• case 4, command C4: the card receives incoming data but it also sends back outgoing data DR in a response RES2, and therefore the lengths Lc and Le are different from 0; the command C4 successively comprises all four fields EN, LC, DC, and LE.

As shown in FIG. 3, a response established by the card CA has one of the two formats RES1 and RES2. The response RES1 contains only a trailer Q having two “Status Word” bytes SW1 and SW2. The response format RES2 also contains a data field DR of variable length, preceding the trailer Q. When the card CA receives a command C1 or C3, it sends back a response RES1 containing only a trailer Q; when the card CA receives a command C2 or C4, it sends back a response containing a data field DR preceding the trailer Q and having a length that is no greater than the length Le announced in the command C2 or C4 preceding the response.

With reference to the USB Standard for the universal serial bus BU, the three main types of packets of that Standard used to compose a transaction for transferring data in either direction between the terminal and the smart card are shown in FIG. 4. In the figure, the synchronization field (SYNC) containing a Start-of-Packet delimiter (SOP) an End-of Packet delimiter (EOP) at the beginning of each packet are not shown. The three types of packets are:

    • a start-of-transaction packet of the “Token Packet” type TP containing a one-byte packet identifier PID including the token type of the packet and the name of the packet, a seven-bit address field ADDR identifying the source or the destination of a data packet succeeding the token packet, a four-bit field or “Endpoint” ENDP containing the address of the function that is targeted in the card acting as a peripheral device, and a five-bit cyclic redundancy control field CRC5. Four token packets TP exist: an “OUT” packet for causing downlink data transfer from the terminal TE to the card CA, an “IN” packet for causing uplink data transfer from the card CA to the terminal TE, a “Start-of-Frame” or “SOF” packet for marking and indicating the number of token packets at the beginning of a frame containing a plurality of packets, and a “SETUP” or initialization packet for initializing synchronization between the terminal and the card at the beginning of a data transaction;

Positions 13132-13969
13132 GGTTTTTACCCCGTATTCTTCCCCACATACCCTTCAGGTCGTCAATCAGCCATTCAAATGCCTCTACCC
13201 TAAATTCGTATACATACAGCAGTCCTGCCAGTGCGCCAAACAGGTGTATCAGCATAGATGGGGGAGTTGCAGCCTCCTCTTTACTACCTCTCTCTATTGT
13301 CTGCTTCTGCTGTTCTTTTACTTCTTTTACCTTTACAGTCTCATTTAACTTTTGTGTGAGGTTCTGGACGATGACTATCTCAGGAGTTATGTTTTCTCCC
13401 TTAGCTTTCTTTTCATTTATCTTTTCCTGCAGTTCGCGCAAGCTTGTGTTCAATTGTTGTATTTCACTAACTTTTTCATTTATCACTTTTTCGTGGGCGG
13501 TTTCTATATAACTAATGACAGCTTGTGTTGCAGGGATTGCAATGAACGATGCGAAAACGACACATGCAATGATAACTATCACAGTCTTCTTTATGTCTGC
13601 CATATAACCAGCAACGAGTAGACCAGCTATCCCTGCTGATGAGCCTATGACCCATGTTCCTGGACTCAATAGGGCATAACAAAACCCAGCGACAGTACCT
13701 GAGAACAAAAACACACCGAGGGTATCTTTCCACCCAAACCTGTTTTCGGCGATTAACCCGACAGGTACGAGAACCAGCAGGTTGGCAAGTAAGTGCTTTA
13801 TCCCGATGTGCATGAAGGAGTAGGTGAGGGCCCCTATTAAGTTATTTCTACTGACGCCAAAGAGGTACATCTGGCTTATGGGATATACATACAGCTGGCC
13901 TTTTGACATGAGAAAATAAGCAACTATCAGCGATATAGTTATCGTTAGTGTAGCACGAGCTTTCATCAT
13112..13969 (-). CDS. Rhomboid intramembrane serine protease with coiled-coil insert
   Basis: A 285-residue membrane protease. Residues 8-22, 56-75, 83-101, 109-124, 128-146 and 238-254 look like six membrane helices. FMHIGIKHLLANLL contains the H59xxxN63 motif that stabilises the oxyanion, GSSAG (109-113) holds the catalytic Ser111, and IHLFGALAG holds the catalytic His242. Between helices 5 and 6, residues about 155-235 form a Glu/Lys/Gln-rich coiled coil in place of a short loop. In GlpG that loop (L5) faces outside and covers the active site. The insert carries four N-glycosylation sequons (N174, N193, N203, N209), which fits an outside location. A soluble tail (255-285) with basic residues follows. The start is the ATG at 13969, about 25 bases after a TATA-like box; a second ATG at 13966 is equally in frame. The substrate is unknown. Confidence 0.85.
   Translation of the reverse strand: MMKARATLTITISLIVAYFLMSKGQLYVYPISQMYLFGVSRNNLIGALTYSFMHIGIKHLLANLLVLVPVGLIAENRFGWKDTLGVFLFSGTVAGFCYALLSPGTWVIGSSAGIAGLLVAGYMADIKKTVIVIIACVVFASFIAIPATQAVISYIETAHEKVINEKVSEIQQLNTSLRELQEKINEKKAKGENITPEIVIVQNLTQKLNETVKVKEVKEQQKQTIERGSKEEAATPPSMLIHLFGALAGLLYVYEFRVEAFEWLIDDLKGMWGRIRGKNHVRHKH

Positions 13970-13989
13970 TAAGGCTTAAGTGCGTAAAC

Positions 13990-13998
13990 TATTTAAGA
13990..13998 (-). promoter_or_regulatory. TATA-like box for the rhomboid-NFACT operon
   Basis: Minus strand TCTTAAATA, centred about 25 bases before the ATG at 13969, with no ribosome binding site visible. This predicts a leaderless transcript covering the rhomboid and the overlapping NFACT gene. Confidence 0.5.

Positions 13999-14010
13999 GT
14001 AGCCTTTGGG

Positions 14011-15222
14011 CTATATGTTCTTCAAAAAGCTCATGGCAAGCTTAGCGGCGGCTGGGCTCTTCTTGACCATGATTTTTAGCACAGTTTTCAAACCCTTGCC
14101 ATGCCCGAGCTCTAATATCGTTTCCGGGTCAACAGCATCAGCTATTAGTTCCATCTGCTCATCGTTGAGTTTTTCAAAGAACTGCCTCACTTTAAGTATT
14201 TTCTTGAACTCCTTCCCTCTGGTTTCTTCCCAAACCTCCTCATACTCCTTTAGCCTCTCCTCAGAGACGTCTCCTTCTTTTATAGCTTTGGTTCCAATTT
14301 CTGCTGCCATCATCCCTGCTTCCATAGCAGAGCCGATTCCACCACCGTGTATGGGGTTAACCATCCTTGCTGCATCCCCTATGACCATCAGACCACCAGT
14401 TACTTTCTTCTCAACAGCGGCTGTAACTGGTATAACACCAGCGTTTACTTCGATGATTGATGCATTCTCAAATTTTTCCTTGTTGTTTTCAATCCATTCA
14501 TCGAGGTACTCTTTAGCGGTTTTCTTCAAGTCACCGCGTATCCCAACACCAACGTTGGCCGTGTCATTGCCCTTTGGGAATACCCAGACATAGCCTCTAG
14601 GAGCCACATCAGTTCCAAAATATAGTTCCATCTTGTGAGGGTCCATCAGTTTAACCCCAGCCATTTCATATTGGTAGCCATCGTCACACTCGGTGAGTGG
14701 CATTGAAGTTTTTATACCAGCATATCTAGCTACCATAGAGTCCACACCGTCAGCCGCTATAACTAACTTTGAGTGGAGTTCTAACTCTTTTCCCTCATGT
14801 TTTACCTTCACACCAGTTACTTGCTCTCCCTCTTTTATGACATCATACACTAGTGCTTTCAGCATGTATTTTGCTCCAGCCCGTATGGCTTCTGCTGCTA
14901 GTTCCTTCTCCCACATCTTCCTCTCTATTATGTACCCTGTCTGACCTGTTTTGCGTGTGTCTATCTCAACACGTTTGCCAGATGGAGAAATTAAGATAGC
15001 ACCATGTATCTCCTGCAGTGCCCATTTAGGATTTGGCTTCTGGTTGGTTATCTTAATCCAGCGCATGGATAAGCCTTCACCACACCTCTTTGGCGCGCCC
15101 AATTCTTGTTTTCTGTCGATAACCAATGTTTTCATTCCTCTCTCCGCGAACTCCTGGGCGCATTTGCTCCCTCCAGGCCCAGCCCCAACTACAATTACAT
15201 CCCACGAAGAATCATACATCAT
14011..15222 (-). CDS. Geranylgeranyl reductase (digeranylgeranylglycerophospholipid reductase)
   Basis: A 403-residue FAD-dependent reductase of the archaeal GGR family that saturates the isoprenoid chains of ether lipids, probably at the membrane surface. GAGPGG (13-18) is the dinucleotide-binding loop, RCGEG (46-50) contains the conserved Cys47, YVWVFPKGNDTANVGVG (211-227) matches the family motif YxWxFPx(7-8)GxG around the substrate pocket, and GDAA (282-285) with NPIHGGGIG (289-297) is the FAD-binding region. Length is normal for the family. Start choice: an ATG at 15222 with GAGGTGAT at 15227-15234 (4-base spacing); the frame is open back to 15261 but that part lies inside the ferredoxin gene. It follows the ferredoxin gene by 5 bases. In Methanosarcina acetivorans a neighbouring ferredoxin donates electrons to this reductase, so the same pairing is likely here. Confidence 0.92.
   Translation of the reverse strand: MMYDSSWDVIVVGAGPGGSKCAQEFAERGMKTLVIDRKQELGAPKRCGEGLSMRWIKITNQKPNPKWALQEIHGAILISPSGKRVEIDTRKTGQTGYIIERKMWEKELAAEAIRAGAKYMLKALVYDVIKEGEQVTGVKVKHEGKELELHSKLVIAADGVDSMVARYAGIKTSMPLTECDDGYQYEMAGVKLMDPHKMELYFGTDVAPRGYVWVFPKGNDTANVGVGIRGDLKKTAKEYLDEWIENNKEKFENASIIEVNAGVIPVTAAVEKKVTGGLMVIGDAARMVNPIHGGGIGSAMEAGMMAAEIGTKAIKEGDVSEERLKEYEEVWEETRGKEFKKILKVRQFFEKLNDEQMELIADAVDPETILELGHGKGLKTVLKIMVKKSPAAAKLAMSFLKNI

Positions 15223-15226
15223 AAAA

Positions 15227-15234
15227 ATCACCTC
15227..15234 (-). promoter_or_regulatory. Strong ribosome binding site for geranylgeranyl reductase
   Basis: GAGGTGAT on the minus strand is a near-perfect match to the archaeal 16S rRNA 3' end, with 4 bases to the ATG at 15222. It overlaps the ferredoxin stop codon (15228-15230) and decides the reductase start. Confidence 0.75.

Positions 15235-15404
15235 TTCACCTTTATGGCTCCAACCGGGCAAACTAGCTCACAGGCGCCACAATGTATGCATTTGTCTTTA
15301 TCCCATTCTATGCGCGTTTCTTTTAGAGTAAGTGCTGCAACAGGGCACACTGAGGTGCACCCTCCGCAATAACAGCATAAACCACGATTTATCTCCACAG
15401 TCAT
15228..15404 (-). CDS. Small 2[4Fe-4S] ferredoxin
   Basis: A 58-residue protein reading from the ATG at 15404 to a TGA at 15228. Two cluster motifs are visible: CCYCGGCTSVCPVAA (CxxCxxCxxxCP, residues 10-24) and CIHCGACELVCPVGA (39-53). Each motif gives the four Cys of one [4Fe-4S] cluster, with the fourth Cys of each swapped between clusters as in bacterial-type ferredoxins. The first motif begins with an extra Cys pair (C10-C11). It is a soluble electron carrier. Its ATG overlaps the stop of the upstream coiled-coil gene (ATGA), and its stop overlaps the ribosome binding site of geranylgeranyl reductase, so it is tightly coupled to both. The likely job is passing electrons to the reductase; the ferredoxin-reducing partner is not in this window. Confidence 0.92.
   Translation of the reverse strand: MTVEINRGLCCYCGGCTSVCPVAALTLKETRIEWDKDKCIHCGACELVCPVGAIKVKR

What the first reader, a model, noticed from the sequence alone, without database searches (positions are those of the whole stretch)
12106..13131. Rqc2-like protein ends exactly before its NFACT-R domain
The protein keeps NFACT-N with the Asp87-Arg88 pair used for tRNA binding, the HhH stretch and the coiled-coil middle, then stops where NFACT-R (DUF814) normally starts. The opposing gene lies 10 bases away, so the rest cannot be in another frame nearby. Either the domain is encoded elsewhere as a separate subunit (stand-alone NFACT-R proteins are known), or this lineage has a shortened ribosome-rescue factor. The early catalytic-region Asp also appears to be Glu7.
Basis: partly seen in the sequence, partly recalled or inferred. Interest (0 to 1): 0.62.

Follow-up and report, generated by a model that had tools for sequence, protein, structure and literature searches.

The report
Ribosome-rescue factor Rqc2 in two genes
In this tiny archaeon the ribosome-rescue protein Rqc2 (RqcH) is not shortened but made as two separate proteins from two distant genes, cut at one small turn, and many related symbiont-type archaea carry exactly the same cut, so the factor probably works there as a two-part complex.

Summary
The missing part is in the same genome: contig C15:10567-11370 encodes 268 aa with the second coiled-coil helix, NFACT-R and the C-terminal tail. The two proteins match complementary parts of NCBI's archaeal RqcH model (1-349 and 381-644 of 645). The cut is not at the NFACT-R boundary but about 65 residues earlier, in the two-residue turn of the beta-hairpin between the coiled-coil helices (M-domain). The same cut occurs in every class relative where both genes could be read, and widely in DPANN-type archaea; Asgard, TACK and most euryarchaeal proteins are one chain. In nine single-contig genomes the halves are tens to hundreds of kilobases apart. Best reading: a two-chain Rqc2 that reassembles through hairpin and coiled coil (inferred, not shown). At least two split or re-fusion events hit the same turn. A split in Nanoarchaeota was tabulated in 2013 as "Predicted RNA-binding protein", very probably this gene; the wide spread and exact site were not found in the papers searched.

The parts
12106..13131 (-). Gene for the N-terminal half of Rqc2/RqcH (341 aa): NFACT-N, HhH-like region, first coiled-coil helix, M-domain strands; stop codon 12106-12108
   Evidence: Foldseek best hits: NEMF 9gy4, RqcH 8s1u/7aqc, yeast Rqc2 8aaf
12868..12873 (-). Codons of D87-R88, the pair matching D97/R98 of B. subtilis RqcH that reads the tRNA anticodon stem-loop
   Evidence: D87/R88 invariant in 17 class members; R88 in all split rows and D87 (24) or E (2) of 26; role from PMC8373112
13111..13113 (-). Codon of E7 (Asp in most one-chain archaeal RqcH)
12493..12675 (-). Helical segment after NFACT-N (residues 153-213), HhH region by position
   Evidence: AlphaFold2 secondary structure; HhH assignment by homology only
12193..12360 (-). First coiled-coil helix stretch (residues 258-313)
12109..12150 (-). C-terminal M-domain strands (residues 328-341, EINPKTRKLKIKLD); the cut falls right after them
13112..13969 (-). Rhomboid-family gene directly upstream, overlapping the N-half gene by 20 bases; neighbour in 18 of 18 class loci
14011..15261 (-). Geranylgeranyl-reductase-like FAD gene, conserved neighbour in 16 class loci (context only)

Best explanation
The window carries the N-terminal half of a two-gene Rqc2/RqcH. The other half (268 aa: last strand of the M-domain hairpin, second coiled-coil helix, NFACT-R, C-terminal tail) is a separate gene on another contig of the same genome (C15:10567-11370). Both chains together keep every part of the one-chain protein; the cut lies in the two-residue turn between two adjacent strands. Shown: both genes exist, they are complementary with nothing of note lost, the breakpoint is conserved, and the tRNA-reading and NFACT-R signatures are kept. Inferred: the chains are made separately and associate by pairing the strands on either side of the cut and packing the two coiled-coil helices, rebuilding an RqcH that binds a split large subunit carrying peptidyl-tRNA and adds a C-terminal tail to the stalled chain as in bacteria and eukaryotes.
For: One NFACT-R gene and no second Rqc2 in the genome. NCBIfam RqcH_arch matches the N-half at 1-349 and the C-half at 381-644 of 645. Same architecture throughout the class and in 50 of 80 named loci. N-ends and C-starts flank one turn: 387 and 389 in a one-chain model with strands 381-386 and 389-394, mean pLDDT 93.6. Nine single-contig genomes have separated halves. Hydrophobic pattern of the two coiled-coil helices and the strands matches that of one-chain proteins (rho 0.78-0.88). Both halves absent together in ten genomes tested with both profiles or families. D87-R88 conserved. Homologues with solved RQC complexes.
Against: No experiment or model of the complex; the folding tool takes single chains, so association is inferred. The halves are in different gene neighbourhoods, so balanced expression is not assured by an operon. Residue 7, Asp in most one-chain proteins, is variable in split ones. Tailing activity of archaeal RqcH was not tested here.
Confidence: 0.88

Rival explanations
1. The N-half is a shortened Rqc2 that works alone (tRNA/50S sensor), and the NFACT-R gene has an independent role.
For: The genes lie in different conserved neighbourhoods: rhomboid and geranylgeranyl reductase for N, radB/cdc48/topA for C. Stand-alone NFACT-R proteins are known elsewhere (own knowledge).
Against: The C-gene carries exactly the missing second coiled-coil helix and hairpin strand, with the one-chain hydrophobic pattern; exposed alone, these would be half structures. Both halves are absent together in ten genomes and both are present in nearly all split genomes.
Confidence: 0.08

• a “Data Packet” DP interposed between a token packet TP and an end packet or “Handshake Packet” HP in a transaction and containing an identifier field PID, a data field DATA containing no more than 1023 bytes, and a sixteen-bit cyclic redundancy control field CRC16. Two types of data packets DP are designated by identifiers DATA0 and DATA1 for distinguishing between data packets respectively of even rank and of odd rank during successive data transactions in a sequence complying with certain transfer modes; and